Ukrainian refugees in Russia worse off than they were in Ukraine, Russian official says

Ukrainian refugees from Donbas in Russia (Image: nazaccent.ru)

Ukrainian refugees from Donbas in Russia (Image: nazaccent.ru) 

Analysis & Opinion, Russia

In a statement that undermines Vladimir Putin’s notion that Russians and Ukrainians are one people and that is hardly likely to lead more Ukrainians to view refuge in Russia as an attractive option, a Moscow official says that Ukrainian refugees are much worse off in the Russian capital than they were in their homeland.

In her annual report, Tatyana Potyaeva, the plenipotentiary for human rights in the city of Moscow, says that many Ukrainian refugees came to Russia because of “the absence of any alternative” but their situation has become dire because “despite their cultural closeness and ‘slavic visage,’ [they] often cannot find good work.”

As a result, she said, “they live in Russia in worse conditions than they had in Ukraine.”

A house in Donbas destroyed by Russian artillery fire (Image: YouTube screengrab)

A house in Donbas destroyed by Russian artillery fire

But their situation has gotten worse not only because of their inability to find good jobs but also because of the shortcomings of officials who have not come up with the kind of documentation that would allow them to receive even the benefits they are entitled to under Russian law, Potyaeva says.

As a result, many of the Ukrainian refugees have fallen victim to fraud or even descended into criminal activities, a development that if true will do little to win the Ukrainian refugees in Russia support from Russians. The ombudsman says that Russian officials must do more to reach out to them and provide support, including support to return home if the Ukrainians want that.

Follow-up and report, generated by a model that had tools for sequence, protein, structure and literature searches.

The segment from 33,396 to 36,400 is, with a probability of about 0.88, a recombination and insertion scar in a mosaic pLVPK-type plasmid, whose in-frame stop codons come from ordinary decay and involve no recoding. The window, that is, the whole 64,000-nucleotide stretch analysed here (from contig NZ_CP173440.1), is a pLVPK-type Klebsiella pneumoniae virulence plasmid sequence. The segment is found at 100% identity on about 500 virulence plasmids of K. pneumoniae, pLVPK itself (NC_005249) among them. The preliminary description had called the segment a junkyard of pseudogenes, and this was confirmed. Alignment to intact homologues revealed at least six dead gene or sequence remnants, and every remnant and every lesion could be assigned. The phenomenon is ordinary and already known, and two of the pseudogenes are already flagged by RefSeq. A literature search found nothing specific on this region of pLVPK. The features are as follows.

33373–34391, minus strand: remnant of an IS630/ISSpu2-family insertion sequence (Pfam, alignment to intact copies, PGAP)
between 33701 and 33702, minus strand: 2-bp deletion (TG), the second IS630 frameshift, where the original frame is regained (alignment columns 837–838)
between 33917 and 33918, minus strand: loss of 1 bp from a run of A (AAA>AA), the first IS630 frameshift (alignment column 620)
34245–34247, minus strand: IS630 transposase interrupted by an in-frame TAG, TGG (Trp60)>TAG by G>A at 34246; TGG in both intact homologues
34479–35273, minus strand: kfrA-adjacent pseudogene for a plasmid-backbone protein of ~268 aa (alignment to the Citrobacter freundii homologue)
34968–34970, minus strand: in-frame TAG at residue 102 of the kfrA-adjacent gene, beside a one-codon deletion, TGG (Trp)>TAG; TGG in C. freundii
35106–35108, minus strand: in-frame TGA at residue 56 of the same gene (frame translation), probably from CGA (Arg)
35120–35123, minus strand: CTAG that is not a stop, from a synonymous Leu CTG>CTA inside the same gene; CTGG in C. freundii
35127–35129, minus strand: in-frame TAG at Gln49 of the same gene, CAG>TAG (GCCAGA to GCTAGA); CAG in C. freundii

Between March and July 2014, more than 20,000 Ukrainians appealed to Moscow officials for refugee status, she says, but by January 1, 2015, only 5500 of them had received either the status of refugee or temporary asylum in Russia.

According to Potyaeva, the Ukrainian refugees in Moscow – and presumably this applies to Ukrainian refugees elsewhere in the Russian Federation as well – consist of several groups: those who fled areas where military actions were taking place, those from eastern Ukraine where there was no violence, and those from elsewhere in Ukraine who left “in search of a better life.”

Some of the Ukrainians now in Russia do not qualify for refugee status. Indeed, there were at least a few of them who were already in Russia but simply decided to take advantage of the situation either by registering as refugees or entering into marriage with Russians in order to get the social welfare benefits that could provide.

According to Potyaeva, the earlier “flood” of Ukrainian refugees into Moscow has “stopped,” and Russian officials now are in a position to examine each case in particular and grant temporary asylum “only to those who qualify,” most often by having relatives in the Russian capital.


 

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Edited by: A. N.

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